Every person enters marriage with challenges to overcome. One of mine has been spending too much time on social media. Last week, I blocked LinkedIn, Facebook, YouTube, Twitter, and a click-bait news site. I had to take responsibility for social media’s oversized presence in my life.
But it only lasted a couple of days.
Then our priest let me have it in his Sunday homily. He noted people tend to become very interested in something … or to lose interest quickly. He could quickly teach someone three chords on a guitar, but someone who didn’t learn more would get bored fast. Only someone interested enough to improve his or her skills would keep playing.
That applies to Catholics, he explained. Getting baptized, receiving First Holy Communion, going to Mass on Sundays — these are all the basic chords. Today’s Catholics who engage in these important aspects of our faith are like the rich young man who told Jesus that he follows the Commandments.
That man passionately wanted to do more than play basic chords. Jesus told him how to get what he wanted: Sell what he had and give it all to the poor to get “treasure in Heaven.” That young man “went away sad, for he had many possessions.”
The young man and I have several things in common. He seems to have a good life, like I have a very good marriage. He wants to do right by God as I desire to do right by God and my family. But just as the young man declined to give away his wealth and earn “treasure in Heaven,” I have declined to give away Facebook and YouTube to earn the treasure on earth of better serving my wife and child.
I used to use YouTube and Facebook in their proper spheres. YouTube was a way to relax and catch up on TV shows and movies. Facebook helped me with my then-burgeoning journalism career as well as to engage in (I hope) constructive discussions on politics, culture and religion.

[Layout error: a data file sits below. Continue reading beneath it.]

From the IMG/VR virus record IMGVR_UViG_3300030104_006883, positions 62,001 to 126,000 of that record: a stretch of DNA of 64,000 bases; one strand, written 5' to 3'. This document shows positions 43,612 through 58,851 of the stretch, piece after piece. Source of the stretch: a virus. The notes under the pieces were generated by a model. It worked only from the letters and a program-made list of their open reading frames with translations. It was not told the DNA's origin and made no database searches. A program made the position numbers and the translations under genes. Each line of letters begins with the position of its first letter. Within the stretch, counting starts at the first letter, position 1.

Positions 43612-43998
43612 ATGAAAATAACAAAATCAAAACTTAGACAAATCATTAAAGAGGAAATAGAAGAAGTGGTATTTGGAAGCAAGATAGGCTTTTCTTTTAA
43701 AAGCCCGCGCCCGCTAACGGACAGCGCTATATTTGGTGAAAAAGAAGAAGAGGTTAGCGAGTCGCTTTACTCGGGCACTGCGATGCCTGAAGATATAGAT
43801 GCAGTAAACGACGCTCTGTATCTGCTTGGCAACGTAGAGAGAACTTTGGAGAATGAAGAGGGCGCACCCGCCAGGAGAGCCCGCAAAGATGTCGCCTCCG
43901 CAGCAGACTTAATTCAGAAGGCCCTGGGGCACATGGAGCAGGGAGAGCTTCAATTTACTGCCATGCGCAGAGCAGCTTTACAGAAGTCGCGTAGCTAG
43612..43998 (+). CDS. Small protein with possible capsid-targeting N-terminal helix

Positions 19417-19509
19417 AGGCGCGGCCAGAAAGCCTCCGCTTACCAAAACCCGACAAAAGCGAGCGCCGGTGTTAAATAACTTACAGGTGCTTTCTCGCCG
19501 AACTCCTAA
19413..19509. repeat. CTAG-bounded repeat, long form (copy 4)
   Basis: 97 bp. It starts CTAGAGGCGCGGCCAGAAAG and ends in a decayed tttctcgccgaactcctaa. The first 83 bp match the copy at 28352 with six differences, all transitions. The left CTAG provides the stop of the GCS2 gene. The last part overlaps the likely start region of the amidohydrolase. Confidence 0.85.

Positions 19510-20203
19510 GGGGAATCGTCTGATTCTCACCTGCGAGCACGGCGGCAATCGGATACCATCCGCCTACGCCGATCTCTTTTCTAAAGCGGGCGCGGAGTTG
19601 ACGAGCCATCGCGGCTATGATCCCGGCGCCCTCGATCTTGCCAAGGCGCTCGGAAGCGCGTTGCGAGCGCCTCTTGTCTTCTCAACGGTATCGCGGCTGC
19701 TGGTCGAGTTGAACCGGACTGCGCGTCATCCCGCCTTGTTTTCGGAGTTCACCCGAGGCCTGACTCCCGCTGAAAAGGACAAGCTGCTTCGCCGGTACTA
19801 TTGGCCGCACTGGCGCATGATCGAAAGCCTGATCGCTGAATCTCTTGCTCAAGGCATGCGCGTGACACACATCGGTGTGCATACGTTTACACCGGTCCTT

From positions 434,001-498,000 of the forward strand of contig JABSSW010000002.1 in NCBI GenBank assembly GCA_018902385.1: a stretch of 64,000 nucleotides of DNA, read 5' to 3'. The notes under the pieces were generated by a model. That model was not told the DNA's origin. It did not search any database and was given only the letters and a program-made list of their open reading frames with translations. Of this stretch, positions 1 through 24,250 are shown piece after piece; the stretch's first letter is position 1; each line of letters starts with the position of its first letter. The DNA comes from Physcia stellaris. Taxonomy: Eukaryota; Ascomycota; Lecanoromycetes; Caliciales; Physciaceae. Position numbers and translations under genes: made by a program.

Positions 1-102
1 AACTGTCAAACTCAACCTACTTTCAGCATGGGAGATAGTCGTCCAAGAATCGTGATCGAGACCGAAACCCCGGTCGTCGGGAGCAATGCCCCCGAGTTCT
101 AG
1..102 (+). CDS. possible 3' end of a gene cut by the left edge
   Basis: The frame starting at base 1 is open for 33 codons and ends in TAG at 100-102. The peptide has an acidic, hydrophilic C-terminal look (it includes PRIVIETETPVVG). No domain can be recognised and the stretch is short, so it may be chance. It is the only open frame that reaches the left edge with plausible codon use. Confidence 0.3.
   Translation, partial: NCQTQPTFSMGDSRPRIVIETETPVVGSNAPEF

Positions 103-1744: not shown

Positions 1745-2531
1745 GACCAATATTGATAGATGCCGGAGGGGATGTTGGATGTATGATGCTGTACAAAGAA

But as I settled into a new job and a new housing arrangement in 2010, I used Facebook and YouTube as “boredom” fixers. By early 2011, I was using YouTube for as much as three hours per day.
I’ve improved. But just as with any other flaw or foible, what seems a small problem when you do when single is magnified when your first goal is someone else’s happiness. Earlier this month, I put a Facebook discussion ahead of serving my family. Thankfully, God held me accountable both internally and to my wife. I apologized to her and she immediately forgave me.
The good thing is that while the social media blocking didn’t last, my use of it has been dramatically reduced. Christ didn’t tell the rich young man to never again have money, and I’m not being told to never use social media. He just wanted the young man to put people and God ahead of the wealth.
I want my work to benefit the world. Maybe my journalism will reach the same number of readers without my social media efforts. Perhaps through not being on social media, my brain will be able to create higher-quality material that will get to fewer people but have a greater impact. Or maybe not. Maybe I’ll just focus on the writing instead of external goals.
But the point is that God wants me to be able to give it up, the way Jesus wanted the rich young man to give up all his wealth. He wants me to let go of something that keeps me from Him, and from the people He’s given me to love and care for most.
And regarding YouTube — well, I suspect my life will be complete without the latest issue of Avengers or Superman. And a lot better.